How puzzles, games might help your aging brain
(HealthDay)—Those Sunday crossword puzzles may not prevent the aging brain from slowing down—but they might protect it in a different way, a new study suggests.
Researchers looked at the "use it or lose it" theory on brain health. The concept holds that mentally engaging activities—from reading to crosswords to board games—may help the brain resist dementia later in life.
But they did, on average, score higher on standard tests of mental sharpness. That means that while they did decline over time, they did so from a higher "starting point," the researchers explained.
"The results indicate that a lifetime of engagement lifts you to a high point from which you decline, and that can be considered as passive cognitive reserve," said lead researcher Roger Staff, of the University of Aberdeen in Scotland.
"Starting from a high point," he said, "will mean that the threshold at which you are considered impaired will be farther into the future."
"Cognitive reserve" can be seen as the brain's ability to find alternative ways to get things done. In theory, a person with greater cognitive reserve may be able to withstand pathological changes in the brain for a longer time before showing signs of dementia.
"The idea is that yes, you'll decline—but the higher the level you start from, the more years you'll have with good functioning," said Keith Fargo, director of scientific programs and outreach for the Alzheimer's Association.
Fargo, who was not involved in the study, saw the results in a positive light—agreeing that they support the cognitive reserve hypothesis.
However, he said, they do not actually prove that study participants' penchant for puzzles directly boosted their brain power.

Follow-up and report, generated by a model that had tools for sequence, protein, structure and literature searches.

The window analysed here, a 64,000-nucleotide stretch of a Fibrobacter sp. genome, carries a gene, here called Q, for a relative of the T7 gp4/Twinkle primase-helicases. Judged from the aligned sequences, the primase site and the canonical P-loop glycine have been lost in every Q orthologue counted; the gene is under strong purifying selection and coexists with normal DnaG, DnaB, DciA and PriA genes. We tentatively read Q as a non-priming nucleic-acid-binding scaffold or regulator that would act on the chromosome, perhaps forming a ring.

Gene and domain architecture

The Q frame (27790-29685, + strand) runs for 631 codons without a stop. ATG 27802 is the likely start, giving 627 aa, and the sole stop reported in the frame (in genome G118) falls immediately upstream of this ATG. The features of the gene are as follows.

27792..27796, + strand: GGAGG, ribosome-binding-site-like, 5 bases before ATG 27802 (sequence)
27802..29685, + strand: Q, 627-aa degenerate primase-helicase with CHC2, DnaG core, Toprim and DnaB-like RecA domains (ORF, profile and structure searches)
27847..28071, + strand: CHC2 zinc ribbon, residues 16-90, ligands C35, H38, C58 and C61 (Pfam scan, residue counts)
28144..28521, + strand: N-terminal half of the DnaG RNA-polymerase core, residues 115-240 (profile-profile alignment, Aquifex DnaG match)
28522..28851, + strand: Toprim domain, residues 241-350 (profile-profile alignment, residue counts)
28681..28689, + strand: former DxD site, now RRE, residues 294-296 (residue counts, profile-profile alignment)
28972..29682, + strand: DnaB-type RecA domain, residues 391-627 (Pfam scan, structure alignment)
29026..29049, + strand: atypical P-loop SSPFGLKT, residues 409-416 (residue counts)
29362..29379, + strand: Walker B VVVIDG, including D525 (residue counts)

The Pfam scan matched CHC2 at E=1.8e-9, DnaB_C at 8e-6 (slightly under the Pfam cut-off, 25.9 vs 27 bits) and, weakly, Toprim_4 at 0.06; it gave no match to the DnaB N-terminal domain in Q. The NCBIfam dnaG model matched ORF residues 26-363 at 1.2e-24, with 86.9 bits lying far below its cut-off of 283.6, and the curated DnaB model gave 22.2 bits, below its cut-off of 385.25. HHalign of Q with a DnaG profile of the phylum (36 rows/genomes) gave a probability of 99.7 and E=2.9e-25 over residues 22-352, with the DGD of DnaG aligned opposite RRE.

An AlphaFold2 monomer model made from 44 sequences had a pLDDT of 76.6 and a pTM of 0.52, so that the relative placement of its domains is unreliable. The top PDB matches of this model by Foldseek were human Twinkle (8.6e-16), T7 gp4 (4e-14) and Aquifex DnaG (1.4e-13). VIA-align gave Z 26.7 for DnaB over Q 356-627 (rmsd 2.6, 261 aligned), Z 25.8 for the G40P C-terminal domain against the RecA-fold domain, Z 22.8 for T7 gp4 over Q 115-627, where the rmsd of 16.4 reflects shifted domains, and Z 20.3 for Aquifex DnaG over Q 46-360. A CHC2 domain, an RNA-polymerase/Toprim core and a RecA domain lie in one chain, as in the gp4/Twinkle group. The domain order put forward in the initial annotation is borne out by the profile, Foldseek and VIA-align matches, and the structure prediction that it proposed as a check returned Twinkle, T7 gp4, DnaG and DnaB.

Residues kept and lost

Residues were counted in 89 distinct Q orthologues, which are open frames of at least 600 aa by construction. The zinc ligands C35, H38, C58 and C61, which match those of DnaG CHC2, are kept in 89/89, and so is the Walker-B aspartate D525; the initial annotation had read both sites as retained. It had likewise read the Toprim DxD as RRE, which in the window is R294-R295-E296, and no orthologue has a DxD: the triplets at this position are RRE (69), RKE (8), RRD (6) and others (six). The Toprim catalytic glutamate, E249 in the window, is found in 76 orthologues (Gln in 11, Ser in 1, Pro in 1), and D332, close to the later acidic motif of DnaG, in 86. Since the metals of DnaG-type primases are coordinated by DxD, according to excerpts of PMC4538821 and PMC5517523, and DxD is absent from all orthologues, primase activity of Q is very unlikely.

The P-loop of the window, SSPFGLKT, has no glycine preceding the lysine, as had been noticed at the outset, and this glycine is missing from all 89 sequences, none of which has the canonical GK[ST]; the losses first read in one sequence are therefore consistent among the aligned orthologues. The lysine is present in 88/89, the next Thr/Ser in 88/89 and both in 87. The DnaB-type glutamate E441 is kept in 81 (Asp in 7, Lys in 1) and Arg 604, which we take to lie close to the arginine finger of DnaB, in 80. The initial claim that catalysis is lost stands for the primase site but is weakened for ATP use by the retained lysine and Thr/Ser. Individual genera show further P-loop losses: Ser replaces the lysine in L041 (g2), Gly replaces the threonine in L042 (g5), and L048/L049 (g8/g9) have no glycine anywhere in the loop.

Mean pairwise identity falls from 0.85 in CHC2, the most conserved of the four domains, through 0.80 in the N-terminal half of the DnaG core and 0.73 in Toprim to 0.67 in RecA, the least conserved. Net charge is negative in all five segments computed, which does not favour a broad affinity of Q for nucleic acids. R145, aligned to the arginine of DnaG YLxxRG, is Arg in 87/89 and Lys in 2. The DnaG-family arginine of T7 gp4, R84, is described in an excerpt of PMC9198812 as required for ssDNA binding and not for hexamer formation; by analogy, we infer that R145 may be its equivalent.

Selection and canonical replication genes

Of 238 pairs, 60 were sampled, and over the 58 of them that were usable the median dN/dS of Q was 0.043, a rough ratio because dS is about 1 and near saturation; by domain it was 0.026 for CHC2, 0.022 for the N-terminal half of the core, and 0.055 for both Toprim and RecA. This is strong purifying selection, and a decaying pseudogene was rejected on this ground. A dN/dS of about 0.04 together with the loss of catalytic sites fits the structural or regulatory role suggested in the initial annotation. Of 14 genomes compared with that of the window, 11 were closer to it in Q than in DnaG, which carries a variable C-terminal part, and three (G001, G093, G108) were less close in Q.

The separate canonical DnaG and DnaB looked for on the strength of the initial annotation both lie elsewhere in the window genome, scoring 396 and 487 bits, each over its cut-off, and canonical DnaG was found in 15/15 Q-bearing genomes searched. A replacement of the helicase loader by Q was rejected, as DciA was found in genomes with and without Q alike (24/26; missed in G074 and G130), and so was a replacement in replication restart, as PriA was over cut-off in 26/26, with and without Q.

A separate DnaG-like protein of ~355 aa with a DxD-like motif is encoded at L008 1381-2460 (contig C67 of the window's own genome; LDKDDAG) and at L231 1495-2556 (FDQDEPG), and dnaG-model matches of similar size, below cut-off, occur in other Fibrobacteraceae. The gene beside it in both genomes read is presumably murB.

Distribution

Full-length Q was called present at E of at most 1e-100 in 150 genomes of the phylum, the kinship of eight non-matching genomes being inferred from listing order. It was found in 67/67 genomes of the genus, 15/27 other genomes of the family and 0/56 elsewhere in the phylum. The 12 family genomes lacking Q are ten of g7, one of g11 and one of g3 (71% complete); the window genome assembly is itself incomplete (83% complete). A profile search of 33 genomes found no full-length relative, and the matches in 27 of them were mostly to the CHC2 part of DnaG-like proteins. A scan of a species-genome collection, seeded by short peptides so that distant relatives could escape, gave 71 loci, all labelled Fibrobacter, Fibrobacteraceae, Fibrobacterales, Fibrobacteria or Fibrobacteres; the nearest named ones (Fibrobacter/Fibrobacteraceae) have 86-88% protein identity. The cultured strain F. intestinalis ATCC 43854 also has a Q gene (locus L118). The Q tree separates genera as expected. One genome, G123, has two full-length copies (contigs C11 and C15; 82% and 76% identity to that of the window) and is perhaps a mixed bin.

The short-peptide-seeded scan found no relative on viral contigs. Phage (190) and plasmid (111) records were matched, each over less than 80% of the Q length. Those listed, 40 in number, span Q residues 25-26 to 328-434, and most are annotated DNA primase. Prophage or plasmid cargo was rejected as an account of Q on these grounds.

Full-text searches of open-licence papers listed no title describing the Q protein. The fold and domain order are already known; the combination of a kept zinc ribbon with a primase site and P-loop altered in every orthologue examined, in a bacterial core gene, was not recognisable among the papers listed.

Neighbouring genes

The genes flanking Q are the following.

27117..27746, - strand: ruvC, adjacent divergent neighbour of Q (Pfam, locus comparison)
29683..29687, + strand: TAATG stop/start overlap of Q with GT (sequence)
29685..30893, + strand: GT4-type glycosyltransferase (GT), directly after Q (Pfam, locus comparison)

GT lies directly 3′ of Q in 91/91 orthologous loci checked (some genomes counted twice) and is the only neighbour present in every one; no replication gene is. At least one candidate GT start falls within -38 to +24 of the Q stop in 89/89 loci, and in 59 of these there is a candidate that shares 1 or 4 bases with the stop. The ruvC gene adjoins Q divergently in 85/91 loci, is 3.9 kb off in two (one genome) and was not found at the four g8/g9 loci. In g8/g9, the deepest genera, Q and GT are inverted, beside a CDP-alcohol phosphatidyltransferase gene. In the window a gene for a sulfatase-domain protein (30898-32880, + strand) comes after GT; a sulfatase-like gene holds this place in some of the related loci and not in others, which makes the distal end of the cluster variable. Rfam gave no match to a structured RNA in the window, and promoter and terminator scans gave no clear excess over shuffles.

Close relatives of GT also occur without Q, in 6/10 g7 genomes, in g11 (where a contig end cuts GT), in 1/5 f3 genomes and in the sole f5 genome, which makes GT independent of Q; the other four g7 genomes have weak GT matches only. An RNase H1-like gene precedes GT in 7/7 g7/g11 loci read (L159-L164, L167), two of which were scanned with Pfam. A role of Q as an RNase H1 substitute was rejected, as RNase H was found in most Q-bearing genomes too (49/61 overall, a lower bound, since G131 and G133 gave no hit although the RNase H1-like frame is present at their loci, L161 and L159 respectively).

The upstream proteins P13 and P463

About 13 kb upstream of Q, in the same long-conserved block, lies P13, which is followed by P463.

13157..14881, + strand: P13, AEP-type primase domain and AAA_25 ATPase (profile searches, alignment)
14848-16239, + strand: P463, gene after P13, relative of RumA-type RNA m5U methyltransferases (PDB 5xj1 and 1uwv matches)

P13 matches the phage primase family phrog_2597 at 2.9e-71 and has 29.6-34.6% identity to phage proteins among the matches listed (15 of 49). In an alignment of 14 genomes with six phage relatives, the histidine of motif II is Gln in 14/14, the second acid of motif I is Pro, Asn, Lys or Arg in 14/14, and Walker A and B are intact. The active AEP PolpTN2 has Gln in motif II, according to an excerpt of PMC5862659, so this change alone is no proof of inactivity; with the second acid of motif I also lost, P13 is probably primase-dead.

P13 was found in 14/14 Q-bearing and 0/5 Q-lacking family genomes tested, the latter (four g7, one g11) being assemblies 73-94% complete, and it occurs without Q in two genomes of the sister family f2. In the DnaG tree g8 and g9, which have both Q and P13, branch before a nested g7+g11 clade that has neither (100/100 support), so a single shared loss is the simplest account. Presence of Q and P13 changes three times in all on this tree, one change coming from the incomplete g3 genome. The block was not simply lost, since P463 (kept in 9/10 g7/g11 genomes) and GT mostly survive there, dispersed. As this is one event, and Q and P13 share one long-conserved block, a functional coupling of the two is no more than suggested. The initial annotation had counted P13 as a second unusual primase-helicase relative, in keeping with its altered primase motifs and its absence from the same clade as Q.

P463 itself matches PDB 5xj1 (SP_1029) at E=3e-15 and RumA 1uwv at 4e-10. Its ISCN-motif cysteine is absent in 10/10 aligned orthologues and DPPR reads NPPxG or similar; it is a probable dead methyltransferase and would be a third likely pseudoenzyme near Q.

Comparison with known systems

That takes "intervention trials," Fargo said—where people would be randomly assigned to engage in certain mentally stimulating activities or not.
The Alzheimer's Association is launching a trial, dubbed POINTER, that will test the effects of mental stimulation along with other lifestyle changes—including exercise, social engagement and better control of health conditions such as high blood pressure and diabetes.
It will look at whether those measures can protect mental function in older adults at increased risk of decline.
The latest study included nearly 500 older British adults who had all taken the same intelligence test when they were about 11—back in the 1940s. Starting at the age of 64, they answered questions about whether they engaged in intellectually stimulating activities, such as solving puzzles, playing board games, reading or going to museums.
They also took standard tests of memory and thinking over the next 15 years—up to five times.
Overall, the study found, people who liked to challenge their minds were no less likely to show mental decline over time. But they did perform better on the memory and thinking tests—especially those who enjoyed problem-solving activities like puzzles.
That was true even when the researchers factored in childhood intelligence and education level.
The results were published Dec. 10 in the BMJ journal.
Staff agreed that the findings do not prove a cause-and-effect link. But, he said, they do support the importance of feeding the mind—ideally starting early in life.
"Have a hungry mind," Staff advised. "It's like money in the cognitive bank."
But is it ever "too late" for older adults to take up chess or crosswords?
Fargo said there's not enough evidence to answer that question. But, he stressed, research does suggest that adults can help protect their brain health through various lifestyle choices.
Those include exercising regularly, eating healthfully, not smoking, getting enough sleep—and, yes, staying mentally active.
And if you don't like puzzles, find something else that uses your mental skills in a fun way.
"Most people do get some enjoyment from challenging themselves," Fargo said.
More information: Roger Staff, Ph.D., honorary lecturer, University of Aberdeen, Scotland; Keith Fargo, Ph.D., director, scientific programs and outreach, Alzheimer's Association, Chicago; Dec. 10, 2018, BMJ, online
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